Regular price: $31.49

Free with 30-day trial
Membership details Membership details
  • A 30-day trial plus your first audiobook, free
  • 1 credit/month after trial – good for any book, any price
  • Easy exchanges – swap any book you don’t love
  • Keep your audiobooks, even if you cancel
  • After your trial, Audible is just $14.95/month
Select or Add a new payment method

Buy Now with 1 Credit

By confirming your purchase, you agree to Audible's Conditions of Use and Amazon's Privacy Notice. Taxes where applicable.

Buy Now for $31.49

Pay using card ending in
By confirming your purchase, you agree to Audible's Conditions of Use and Amazon's Privacy Notice. Taxes where applicable.

Publisher's Summary

Over the last century, global poverty has largely been viewed as a technical problem that merely requires the right "expert" solutions. Yet all too often, experts recommend solutions that fix immediate problems without addressing the systemic political factors that created them in the first place. Further, they produce an accidental collusion with "benevolent autocrats", leaving dictators with yet more power to violate the rights of the poor. In The Tyranny of Experts, economist William Easterly, best-selling author of The White Man’s Burden, traces the history of the fight against global poverty, showing not only how these tactics have trampled the individual freedom of the world’s poor, but how in doing so have suppressed a vital debate about an alternative approach to solving poverty: freedom. Presenting a wealth of cutting-edge economic research, Easterly argues that only a new model of development - one predicated on respect for the individual rights of people in developing countries, that understands that unchecked state power is the problem and not the solution - will be capable of ending global poverty once and for all.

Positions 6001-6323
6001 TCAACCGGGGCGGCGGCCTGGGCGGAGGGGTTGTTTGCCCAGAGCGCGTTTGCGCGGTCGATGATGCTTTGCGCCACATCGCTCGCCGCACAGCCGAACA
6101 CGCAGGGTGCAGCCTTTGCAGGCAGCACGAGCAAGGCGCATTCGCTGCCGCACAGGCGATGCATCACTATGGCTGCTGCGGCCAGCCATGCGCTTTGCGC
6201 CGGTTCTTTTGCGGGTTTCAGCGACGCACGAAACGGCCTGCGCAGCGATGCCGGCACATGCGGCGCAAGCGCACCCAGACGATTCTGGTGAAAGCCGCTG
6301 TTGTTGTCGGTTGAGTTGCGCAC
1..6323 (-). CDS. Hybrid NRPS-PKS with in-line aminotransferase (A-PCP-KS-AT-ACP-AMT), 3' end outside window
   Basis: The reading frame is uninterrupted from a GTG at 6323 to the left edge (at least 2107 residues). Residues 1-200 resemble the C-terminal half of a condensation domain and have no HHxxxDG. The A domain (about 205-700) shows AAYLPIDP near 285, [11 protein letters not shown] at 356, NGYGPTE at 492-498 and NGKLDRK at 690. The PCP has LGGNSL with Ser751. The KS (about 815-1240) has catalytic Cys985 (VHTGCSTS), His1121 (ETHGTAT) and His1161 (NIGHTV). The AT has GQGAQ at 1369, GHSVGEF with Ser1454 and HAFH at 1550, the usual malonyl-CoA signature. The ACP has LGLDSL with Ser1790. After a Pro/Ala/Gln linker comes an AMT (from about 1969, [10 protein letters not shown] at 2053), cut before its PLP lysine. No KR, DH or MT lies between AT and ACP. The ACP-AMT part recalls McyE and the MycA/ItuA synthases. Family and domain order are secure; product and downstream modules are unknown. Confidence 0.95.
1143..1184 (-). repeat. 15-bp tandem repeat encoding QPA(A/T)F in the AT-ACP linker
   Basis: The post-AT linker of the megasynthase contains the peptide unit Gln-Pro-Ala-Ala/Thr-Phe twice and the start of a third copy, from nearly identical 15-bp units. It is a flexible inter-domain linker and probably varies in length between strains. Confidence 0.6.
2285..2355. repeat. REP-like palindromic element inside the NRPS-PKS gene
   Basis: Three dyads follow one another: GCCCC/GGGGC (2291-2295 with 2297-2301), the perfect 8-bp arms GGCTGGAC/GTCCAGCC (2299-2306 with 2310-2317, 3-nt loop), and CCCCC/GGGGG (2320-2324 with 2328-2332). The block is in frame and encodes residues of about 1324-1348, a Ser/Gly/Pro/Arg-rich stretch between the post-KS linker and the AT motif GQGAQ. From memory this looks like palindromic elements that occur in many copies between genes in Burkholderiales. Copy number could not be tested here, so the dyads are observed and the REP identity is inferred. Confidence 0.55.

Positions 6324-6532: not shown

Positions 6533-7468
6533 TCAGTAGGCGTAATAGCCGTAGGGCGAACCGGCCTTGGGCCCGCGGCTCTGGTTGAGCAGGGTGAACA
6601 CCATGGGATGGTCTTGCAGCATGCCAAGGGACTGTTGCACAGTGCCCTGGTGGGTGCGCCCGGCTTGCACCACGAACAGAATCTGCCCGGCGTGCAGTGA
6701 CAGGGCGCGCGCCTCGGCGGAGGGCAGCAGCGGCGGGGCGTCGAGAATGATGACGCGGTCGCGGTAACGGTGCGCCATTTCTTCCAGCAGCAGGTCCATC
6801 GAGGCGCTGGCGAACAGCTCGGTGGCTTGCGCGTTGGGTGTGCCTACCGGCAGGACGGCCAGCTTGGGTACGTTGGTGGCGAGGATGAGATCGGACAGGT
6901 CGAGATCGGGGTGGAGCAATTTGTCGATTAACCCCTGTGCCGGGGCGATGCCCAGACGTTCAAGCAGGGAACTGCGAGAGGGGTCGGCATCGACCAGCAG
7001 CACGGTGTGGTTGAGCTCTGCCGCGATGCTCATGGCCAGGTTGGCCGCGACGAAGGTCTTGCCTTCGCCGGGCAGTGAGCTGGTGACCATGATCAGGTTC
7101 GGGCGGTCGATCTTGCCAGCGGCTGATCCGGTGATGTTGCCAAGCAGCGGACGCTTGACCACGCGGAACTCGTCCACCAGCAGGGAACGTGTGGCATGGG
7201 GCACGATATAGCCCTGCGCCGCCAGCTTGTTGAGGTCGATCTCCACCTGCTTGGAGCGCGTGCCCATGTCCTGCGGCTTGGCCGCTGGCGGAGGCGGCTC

©2013 William Easterly (P)2014 Recorded Books
Show More Show Less

Customer Reviews

Most Helpful
5 out of 5 stars
By Anonymous User on 10-16-17

Excellent case for human rights

Strongly recommend this book to anyone interested in the debate of democracy vs technocracy, and also the case for why all humans should have equal rights.

Read More Hide me
4 out of 5 stars
By Lazar Antonic on 02-21-15

Great read but not as goodnas the w.m. Burden

I enjoyed the book. It makes a good case against authoritarian growth but fails to persuasively show how political freedoms would stimulate growth.

Read More Hide me
See all Reviews

Customer Reviews

Most Helpful
3 out of 5 stars
By Snehal Sidhu on 11-04-16

Provocative, but I prefer his academic work.

I really love and admire Easterleighs academic work. This book was interesting and I learnt some things. It had some weaker parts though. A large part of the book complains that some of Hayek's points have been overlooked. This strikes me as not a very bad thing, and anyway untrue. The first chapter is a frustrating defence of an argument not yet given. And some of the argument after that depends on equivocation. Still, there is much to be learnt here and some economics history that was new to me.

Read More Hide me
See all Reviews
© Copyright 1997 - 2018 Audible, Inc